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Dear Nnamdi Kanu, non-violence is the only way to Biafra.



My brother, kekwanu? I don’t know if it is politically correct to congratulate you on your release from detention. But now that you are out, it is proper to take into consideration that “peaceful protest – slow and steady – will always win the race to create change” in the ways that the Igbo nation is being perceived and treated by the Federal Government of Nigeria.

People have questioned and debated the effectiveness of this tactics: Is peaceful protest the best way to make your voice heard? Or is there a time when a smaller violence is the right response in the face of an even more violent injustice? Are the tenets of non-violence holding back change that could happen with a more aggressive fight?

These questions were asked-and acted upon-in the 1960’s during the height of the civil right movement. They are asked all around the world every time a protest movement or armed faction has aimed at toppling a government from its perch.

But only in the last few years have researchers started to answer these questions by looking at the data. And it turns out the data says something hopeful. In the face of even the worst oppression, violence is not the answer. Peaceful movements are simply more effective.

I want you to consider how much non-violent movements have shaped societies in the 20th and 21st centuries, from the fall of the Soviet Union in the 1980s to the Arab Spring and Gandhi’s movement in 1919 to the coup that killed Murtala Muhammed in 1966. You will discover that non-violent campaigns were successful against government repression more than twice the success rate of their violent counterparts. Not only that, you will find that the success rate of violent insurgencies has actually been declining in recent decades, and that non-violent resistance campaigns have a stronger tendencies to lead to a democratic government and lasting peace later on.

You are championing a course at a propitious time that the nation is basking on the euphoria of a “change” of government. As the Arab spring democracy movement has swept through Tunisia, Egypt and Libya, the wave of strong non-violent movement has become the only way, whether it’s fighting for political rights in Hong Kong, an end to police brutality in Ferguson in the US, against corruption in Mexico, or the fall of a dictator in Burkina Faso.

We have never, in history, seen such a mass mobilisation like we are seeing in the last one or two decades. Imagine what would happen if this potent people-powered method is applied to the Biafran campaign. Some of our Igbo brothers are misunderstanding non-violence as a passive form of resistance. I have heard some say it is not a powerful tool of confrontation against oppression and marginalisation. Non-violence is actually a tool that is more effective because it attracts a critical mass of participation. Two of the most celebrated non-violence heroes, Gandhi and Mandela, are viewed as saints today, even as “they were filling up the prisons” then. Don’t misunderstand me, non-violent can also be aggressive, brave, and strategic.

It has been proved several times over that no government can survive if just five per cent of the population rose up against it. Though it’s not clear exactly how many Egyptians protested in the February 2011 uprising that led to President Hosni Mubarak’s downfall, but imagine if every Igbo man and woman took to the street on a peaceful match demanding for the sovereign state of Biafra or a fair treatment and development of the eastern region by the Federal Government of Nigeria. Or have you forgotten the Igbo proverb that says “when so many people pee on the same spot it will foam”.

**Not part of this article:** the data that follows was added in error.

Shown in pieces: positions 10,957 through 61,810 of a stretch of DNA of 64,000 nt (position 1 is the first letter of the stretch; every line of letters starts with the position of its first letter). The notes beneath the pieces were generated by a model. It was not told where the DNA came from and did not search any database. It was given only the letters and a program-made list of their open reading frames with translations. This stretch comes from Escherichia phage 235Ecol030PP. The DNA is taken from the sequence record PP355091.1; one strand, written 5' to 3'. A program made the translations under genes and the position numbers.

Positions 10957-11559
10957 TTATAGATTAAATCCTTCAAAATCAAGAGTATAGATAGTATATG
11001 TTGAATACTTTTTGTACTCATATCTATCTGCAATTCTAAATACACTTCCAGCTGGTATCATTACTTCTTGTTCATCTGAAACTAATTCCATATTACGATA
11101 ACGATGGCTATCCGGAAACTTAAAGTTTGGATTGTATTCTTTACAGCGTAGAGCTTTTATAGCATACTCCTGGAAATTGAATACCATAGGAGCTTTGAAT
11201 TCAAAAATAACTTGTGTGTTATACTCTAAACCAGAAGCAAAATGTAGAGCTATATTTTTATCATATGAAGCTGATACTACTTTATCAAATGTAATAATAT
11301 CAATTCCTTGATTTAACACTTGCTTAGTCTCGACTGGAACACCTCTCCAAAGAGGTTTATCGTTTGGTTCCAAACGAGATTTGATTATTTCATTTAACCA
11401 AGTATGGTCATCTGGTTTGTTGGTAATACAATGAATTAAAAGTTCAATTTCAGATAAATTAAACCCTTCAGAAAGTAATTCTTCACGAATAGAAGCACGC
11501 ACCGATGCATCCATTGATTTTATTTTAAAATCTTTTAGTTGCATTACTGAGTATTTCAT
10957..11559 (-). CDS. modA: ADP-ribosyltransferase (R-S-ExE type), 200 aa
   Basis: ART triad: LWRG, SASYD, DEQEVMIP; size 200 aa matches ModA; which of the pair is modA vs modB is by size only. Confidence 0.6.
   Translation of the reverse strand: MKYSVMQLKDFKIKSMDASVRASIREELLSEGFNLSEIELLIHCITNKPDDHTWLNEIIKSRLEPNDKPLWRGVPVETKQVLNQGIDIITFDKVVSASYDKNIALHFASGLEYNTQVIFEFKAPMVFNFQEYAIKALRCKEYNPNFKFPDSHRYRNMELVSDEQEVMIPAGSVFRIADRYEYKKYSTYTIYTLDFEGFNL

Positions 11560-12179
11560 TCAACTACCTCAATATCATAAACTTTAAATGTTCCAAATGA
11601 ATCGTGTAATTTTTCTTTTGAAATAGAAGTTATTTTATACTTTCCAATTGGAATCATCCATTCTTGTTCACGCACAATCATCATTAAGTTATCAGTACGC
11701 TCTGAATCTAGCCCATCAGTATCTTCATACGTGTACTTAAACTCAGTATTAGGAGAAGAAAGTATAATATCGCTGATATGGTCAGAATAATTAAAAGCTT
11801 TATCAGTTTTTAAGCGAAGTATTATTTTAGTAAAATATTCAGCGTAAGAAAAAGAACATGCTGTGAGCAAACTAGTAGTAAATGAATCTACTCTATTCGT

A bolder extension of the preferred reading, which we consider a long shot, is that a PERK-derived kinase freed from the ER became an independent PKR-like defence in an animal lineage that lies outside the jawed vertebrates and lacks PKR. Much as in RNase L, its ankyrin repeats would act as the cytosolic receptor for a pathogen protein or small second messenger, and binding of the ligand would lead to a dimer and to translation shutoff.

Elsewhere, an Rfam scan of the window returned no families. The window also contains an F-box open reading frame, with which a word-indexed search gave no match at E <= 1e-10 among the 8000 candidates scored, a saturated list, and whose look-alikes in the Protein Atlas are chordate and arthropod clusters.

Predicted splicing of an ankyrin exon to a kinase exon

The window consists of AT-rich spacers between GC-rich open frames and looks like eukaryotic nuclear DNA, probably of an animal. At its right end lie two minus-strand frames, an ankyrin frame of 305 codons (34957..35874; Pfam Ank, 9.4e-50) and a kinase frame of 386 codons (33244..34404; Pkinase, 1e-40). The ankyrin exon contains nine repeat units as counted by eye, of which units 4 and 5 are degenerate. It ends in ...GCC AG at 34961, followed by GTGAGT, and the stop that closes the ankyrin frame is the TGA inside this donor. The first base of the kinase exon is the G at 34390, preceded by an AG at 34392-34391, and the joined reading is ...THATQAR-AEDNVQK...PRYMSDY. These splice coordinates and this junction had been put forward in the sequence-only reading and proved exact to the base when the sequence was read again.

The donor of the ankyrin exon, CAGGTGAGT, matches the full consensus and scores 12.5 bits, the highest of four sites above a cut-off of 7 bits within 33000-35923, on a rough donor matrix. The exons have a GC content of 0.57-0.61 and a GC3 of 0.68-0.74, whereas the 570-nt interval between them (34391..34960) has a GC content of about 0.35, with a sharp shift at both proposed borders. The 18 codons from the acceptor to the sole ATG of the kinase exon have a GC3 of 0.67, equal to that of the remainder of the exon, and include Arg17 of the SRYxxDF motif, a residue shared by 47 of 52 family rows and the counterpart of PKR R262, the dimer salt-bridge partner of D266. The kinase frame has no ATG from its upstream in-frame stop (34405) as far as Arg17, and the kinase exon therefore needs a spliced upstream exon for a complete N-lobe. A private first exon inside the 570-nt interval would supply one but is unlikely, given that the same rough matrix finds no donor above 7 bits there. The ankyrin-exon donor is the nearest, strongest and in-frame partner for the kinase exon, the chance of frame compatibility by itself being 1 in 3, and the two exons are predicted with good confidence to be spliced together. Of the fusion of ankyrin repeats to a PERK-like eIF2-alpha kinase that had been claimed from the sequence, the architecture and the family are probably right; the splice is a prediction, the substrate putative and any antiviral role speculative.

One more thing to note is that an uprising becomes about 50 per cent more likely to fail if it turns to violence. It seems to be the case that once protesters pick up guns, it legitimises the state’s use of overwhelming violence in response. In other words, security forces are much more likely to open fire and individual police or soldiers are much more likely to follow that order if the opposition is shooting at them. That’s a human reaction, since people don’t like to be shot at, but it also matters for the government’s internal politics. The more violent the uprising, the more likely that it will internally unify the regime.

Keep in mind that the state almost always has the military force at its disposal to crush just about any uprising. An uprising is half as likely to succeed if the military intervenes directly and that this far less likely to happen if the uprising remains non-violent.

Using violence also tends to reduce public support for an uprising. This is simply because a violent uprising is more physically demanding and dangerous and thus scares off participants and sympathisers. A violent uprising can end up polarising people in support of the government, whereas a government crackdown against a non-violent uprising will often reduce public support for the regime.

Any violent resistance movements, even if they do succeed, can create a lot of long-term problems. We should learn from some of our neighbouring countries, that countries with non-violent uprisings are way more likely to emerge with democratic institutions. They are also less likely to “relapse” into civil war. After all, a non-violent movement is often inherently democratic, a sort of expression of mass public opinion outside of the ballot box. A violent movement, on the other hand, no matter what its driving ideals, is all about legitimising power through force; it’s not hard to see how its victorious participants would end up keeping power primarily through violence. Nwannem biko, thread wisely. Igbo kwenu.